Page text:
Security camera footage from Turkey’s Mursitpinar border gates - showing the moment of the car involved in the bombing of the Syrian border town of Kobane - shows that the ISIS militants who blew up the cars did not arrive from Turkey’s borders.
Reuters had claimed the cars that exploded had entered from Turkey, attributing the information to “Syrian sources.” It withdrew the allegation later on.
Separate video footage from a security camera in the Suruc district of Turkey's border province of Sanliurfa shows smoke rising after an explosion on Thursday.
According to Anadolu Agency, 18 were killed and at least 40 were injured by the two car bombings executed on Thursday by ISIS in the Syrian border town of Kobane.
— Jack Shahine (@jackshahine) June 25, 2015
A number of the wounded from the blast were rushed to Suruc State Hospital and other facilities in Sanliurfa, Turkey, via ambulances after crossing through the Mursitpinar crossing into Turkey.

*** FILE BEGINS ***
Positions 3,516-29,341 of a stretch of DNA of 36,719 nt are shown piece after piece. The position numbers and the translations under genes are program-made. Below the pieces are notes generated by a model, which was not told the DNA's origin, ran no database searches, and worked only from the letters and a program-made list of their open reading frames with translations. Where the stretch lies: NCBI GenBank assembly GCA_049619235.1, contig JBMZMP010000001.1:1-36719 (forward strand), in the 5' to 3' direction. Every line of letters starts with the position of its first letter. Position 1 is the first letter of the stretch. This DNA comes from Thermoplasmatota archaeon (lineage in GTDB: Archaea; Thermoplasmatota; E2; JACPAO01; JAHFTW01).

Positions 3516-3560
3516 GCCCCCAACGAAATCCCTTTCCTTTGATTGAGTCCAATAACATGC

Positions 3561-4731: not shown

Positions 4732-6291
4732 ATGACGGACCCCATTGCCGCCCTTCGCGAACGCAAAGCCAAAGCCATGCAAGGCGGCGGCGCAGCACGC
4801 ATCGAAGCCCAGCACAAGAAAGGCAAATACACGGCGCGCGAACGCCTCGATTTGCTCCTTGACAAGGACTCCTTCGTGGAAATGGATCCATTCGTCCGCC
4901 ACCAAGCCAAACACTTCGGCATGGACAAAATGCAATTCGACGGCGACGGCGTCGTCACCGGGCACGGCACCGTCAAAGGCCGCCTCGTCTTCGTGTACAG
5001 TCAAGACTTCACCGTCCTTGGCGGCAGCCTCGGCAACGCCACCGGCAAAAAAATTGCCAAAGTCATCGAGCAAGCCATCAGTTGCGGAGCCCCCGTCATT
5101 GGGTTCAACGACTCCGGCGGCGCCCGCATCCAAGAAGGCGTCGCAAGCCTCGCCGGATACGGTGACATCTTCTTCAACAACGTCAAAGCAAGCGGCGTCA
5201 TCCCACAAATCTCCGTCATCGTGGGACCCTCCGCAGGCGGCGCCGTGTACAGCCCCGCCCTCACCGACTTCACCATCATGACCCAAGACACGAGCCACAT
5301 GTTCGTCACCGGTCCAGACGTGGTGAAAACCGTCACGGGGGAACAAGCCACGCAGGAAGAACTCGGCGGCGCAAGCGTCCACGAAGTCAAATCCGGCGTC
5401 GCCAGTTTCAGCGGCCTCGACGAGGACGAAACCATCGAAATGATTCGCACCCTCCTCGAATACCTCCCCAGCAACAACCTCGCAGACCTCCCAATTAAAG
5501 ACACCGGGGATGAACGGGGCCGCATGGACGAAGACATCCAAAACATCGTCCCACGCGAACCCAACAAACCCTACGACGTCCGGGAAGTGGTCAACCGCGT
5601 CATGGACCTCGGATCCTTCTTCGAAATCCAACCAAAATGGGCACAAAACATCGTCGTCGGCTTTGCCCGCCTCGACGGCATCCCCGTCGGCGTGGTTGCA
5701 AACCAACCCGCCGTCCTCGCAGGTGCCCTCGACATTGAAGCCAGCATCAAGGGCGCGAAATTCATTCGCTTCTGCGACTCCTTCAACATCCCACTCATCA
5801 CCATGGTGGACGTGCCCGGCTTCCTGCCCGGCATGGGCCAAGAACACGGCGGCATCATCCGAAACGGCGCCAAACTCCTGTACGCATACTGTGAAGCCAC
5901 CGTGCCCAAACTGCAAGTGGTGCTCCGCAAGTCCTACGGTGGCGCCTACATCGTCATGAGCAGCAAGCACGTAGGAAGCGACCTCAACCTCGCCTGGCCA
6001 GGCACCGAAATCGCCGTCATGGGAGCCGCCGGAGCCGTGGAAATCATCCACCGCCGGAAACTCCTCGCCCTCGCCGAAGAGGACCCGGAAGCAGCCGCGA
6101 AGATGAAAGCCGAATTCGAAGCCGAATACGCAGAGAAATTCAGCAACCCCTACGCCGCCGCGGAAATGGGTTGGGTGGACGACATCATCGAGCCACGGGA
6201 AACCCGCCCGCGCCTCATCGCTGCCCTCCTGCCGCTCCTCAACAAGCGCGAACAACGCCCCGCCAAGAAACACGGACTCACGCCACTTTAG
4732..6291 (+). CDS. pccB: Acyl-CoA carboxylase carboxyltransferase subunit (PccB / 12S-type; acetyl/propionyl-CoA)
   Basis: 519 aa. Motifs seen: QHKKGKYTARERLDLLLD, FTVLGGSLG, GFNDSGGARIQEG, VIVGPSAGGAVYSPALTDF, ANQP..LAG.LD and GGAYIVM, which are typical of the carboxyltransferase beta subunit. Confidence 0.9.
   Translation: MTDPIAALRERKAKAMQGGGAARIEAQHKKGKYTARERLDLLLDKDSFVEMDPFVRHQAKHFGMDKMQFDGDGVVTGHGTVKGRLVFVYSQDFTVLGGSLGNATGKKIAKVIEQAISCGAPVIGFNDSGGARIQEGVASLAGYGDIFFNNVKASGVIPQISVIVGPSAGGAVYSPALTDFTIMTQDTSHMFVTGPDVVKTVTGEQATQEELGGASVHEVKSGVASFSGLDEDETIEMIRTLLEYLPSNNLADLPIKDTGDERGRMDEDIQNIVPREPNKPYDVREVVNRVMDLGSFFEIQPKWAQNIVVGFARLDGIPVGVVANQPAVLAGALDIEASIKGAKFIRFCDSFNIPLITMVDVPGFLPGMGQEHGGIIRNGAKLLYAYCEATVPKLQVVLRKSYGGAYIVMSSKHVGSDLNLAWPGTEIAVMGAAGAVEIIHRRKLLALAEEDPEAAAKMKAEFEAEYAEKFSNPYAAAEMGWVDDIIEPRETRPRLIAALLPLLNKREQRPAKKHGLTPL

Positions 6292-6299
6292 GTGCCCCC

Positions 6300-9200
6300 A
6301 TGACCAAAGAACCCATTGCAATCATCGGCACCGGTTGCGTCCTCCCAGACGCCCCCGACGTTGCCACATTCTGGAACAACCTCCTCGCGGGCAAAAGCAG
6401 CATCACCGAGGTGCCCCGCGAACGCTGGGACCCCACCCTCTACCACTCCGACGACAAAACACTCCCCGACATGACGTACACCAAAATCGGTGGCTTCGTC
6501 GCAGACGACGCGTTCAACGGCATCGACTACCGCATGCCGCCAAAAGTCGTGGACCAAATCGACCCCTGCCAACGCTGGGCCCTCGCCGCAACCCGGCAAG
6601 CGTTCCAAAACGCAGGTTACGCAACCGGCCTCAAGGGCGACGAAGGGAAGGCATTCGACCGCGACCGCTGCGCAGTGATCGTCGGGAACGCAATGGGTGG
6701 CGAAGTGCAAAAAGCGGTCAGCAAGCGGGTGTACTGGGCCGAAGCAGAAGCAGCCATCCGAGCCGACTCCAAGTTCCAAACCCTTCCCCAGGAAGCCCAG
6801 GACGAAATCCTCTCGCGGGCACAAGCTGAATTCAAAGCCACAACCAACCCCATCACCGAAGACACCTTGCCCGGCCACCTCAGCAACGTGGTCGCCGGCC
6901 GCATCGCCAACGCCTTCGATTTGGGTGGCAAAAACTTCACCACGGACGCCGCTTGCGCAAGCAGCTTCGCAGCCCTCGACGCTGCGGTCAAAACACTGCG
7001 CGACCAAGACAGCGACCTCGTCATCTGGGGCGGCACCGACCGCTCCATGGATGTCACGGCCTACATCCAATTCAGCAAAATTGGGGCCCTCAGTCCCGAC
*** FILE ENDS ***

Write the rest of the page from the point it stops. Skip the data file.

Meanwhile, a crowd has gathered on the Syrian side of the Turkish frontier, prompting security forces to step up measures on the border line.
The governor of Sanliurfa released a statement on Thursday strongly denying the allegations claiming that Turkey allowed militants from ISIS to enter Kobane through the Turkish border.
Stating that the allegations are certainly untrue, governor Izzettin Kucuk said, “According to our visual data, it is proven that ISIS militants entered to Kobani from the Syrian province of Jarabulus, located in the west of Kobani near the Syrian-Turkish border. We will publish the footage within the shortest time.”
One of the biggest battles against ISIS took place in Kobane last year. Supported by the US-led anti-ISIS coalition, Syrian-Kurdish fighters from the YPG – the military wing of the Syrian Democratic Union Party – regained control over Kobane near the end of January after four months of fighting.